You have no way of knowing that. All you see are some random-looking strings. These could be numbers (random or not) that were encoded as base52. These could also be numbers encoded as base64, or base88, or any other base52+. Or they could be randomly-generated strings and there is no meaningful number underlying them.


    hobbes@namagiri:~/scratch$ echo gYxseNjwafVPfgsoHnzLblmmAxZUiOnGcchqEAEwjyxwjUIfpXfJQcdLapTmFaqHGCFsdvpLarmPJLOZYMEILGNIPwNOgEazuBVJcyVjBRL|ent
    Entropy = 5.352821 bits per byte.
    
    Optimum compression would reduce the size
    of this 108 byte file by 33 percent.
    
    Chi square distribution for 108 samples is 650.52, and randomly
    would exceed this value less than 0.01 percent of the times.
    
    Arithmetic mean value of data bytes is 92.6019 (127.5 = random).
    Monte Carlo value for Pi is 4.000000000 (error 27.32 percent).
    Serial correlation coefficient is 0.142915 (totally uncorrelated = 0.0).
    
...Which is meaningless without context. Let's see if we can create some context...

    hobbes@namagiri:~/scratch$ echo "You have no way of knowing that. All you see are some random-looking strings. These could be numbers (random or not) that were encoded as base52. These could also be numbers encoded as base64, or base88, or any other base52+. Or they could be randomly-generated strings and there is no meaningful number underlying them." |base64 |sed -e :a -e '$!N; s/\n//; ta'
    WW91IGhhdmUgbm8gd2F5IG9mIGtub3dpbmcgdGhhdC4gQWxsIHlvdSBzZWUgYXJlIHNvbWUgcmFuZG9tLWxvb2tpbmcgc3RyaW5ncy4gVGhlc2UgY291bGQgYmUgbnVtYmVycyAocmFuZG9tIG9yIG5vdCkgdGhhdCB3ZXJlIGVuY29kZWQgYXMgYmFzZTUyLiBUaGVzZSBjb3VsZCBhbHNvIGJlIG51bWJlcnMgZW5jb2RlZCBhcyBiYXNlNjQsIG9yIGJhc2U4OCwgb3IgYW55IG90aGVyIGJhc2U1MisuIE9yIHRoZXkgY291bGQgYmUgcmFuZG9tbHktZ2VuZXJhdGVkIHN0cmluZ3MgYW5kIHRoZXJlIGlzIG5vIG1lYW5pbmdmdWwgbnVtYmVyIHVuZGVybHlpbmcgdGhlbS4K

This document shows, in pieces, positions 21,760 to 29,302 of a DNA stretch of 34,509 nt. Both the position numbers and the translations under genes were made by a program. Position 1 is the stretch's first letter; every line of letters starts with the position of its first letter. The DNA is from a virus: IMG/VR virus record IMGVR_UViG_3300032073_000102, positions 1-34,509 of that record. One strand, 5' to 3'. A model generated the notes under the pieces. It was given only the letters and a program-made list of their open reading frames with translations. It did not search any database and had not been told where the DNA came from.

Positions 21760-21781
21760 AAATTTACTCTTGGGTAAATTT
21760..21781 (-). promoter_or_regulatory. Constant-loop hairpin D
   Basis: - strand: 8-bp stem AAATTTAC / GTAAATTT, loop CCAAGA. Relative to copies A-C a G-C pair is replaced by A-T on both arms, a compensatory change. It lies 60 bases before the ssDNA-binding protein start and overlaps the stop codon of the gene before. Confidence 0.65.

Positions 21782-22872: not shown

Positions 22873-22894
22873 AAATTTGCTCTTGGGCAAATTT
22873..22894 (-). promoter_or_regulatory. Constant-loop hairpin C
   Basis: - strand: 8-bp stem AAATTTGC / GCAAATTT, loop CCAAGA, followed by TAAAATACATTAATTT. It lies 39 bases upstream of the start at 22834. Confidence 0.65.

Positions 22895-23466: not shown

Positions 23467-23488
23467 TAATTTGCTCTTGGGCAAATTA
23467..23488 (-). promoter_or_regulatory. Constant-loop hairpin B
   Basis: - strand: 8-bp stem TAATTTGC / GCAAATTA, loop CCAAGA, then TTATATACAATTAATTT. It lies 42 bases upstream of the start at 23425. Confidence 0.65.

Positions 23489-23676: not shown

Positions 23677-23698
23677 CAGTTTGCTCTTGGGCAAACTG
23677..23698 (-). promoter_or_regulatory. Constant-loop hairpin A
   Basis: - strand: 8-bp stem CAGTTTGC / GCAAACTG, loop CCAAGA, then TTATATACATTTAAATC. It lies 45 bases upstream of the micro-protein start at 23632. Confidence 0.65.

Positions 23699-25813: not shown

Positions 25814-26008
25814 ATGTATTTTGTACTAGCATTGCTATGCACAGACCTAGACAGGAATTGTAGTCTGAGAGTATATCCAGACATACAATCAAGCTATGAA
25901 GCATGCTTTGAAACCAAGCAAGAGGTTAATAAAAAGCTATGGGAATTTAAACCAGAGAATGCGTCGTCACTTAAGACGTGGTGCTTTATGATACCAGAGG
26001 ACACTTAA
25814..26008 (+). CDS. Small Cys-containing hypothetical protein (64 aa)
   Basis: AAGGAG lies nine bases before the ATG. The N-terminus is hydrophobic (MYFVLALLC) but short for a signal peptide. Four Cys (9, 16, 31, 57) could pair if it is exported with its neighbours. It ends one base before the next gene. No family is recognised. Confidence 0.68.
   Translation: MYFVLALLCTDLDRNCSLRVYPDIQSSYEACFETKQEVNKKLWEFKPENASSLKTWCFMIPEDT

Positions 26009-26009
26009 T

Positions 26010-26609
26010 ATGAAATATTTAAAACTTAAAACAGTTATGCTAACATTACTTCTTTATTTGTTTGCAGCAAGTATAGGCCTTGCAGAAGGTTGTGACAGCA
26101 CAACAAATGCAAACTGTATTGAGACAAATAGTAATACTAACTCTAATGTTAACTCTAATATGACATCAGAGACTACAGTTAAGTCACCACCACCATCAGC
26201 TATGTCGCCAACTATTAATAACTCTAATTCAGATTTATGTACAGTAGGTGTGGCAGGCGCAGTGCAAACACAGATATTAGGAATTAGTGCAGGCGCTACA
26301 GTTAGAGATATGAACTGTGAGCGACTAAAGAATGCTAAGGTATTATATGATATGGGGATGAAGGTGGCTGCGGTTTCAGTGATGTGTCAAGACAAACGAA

ok, that's base64. Let's turn that into base52...

    CL-USER> (to-base 52 (from-base 64 "WW91IGhhdmUgbm8gd2F5IG9mIGtub3dpbmcgdGhhdC4gQWxsIHlvdSBzZWUgYXJlIHNvbWUgcmFuZG9tLWxvb2tpbmcgc3RyaW5ncy4gVGhlc2UgY291bGQgYmUgbnVtYmVycyAocmFuZG9tIG9yIG5vdCkgdGhhdCB3ZXJlIGVuY29kZWQgYXMgYmFzZTUyLiBUaGVzZSBjb3VsZCBhbHNvIGJlIG51bWJlcnMgZW5jb2RlZCBhcyBiYXNlNjQsIG9yIGJhc2U4OCwgb3IgYW55IG90aGVyIGJhc2U1MisuIE9yIHRoZXkgY291bGQgYmUgcmFuZG9tbHktZ2VuZXJhdGVkIHN0cmluZ3MgYW5kIHRoZXJlIGlzIG5vIG1lYW5pbmdmdWwgbnVtYmVyIHVuZGVybHlpbmcgdGhlbS4K"))
    "6lH81qbtcGjfFOclhdtt7ieuljADG17Ou6swolu2A2qlnO52zmMkG8Nfk2APbEbso4idFF44wsLIGfrOg5atP0ucg5gubxAcD9ztMcboeC4sAui28skbwtEiuv64OuD8fbFnn1M01oeq3bH7n9bvu8p3P1MwirdDHxKDONktDvtNOLE1srOz2I4wNLsBpgOGIlLs1i11xt58JpOC1whJ54Krmln1ahmrvksODe7kqjtBazKzKamu5tygI6hGHq3h123Ighyw8s2MxE4dl9rBdBNG1o7tJM2HvzOh955NpLB33nuPr4OwfhjB618y1BP9y2euMquIMszOuH1rPAEkBccOu9qIJBqKgGf1qH42bBd7GOMsbKExosd8CErJlMIAcEyyytFzoKOfkJy1ExEnKc0iE7OGkpLJM3ybB2JNlnwtrC5F0cH8kB41IIv0BwNk9DO"
Astute readers will note that this output contains numeric digits. There's more than one representation of "base-52". The one above goes from 0 through p. An alternative would go from A-z. But none of that matters to measure the entropy of base-52 encoded English text, ya dig?

    hobbes@namagiri:~/scratch$ echo "6lH81qbtcGjfFOclhdtt7ieuljADG17Ou6swolu2A2qlnO52zmMkG8Nfk2APbEbso4idFF44wsLIGfrOg5atP0ucg5gubxAcD9ztMcboeC4sAui28skbwtEiuv64OuD8fbFnn1M01oeq3bH7n9bvu8p3P1MwirdDHxKDONktDvtNOLE1srOz2I4wNLsBpgOGIlLs1i11xt58JpOC1whJ54Krmln1ahmrvksODe7kqjtBazKzKamu5tygI6hGHq3h123Ighyw8s2MxE4dl9rBdBNG1o7tJM2HvzOh955NpLB33nuPr4OwfhjB618y1BP9y2euMquIMszOuH1rPAEkBccOu9qIJBqKgGf1qH42bBd7GOMsbKExosd8CErJlMIAcEyyytFzoKOfkJy1ExEnKc0iE7OGkpLJM3ybB2JNlnwtrC5F0cH8kB41IIv0BwNk9DO" | ent
    Entropy = 5.610518 bits per byte.
    
    Optimum compression would reduce the size
    of this 452 byte file by 29 percent.
    
    Chi square distribution for 452 samples is 2093.27, and randomly
    would exceed this value less than 0.01 percent of the times.
    
    Arithmetic mean value of data bytes is 86.3496 (127.5 = random).
    Monte Carlo value for Pi is 4.000000000 (error 27.32 percent).
    Serial correlation coefficient is 0.018253 (totally uncorrelated = 0.0).
Conclusion: I don't think the original text was pseudorandom. If you can convince me that the original isn't "base-52 encoded" at all (and I'd be easily convinced), I'm willing to reevaluate that conclusion. I'm also interested to see if anyone sees a flaw in my process.


Well, we know that it was a test update that was released unintentionally. http://www.zdnet.com/article/microsoft-accidentally-issued-a...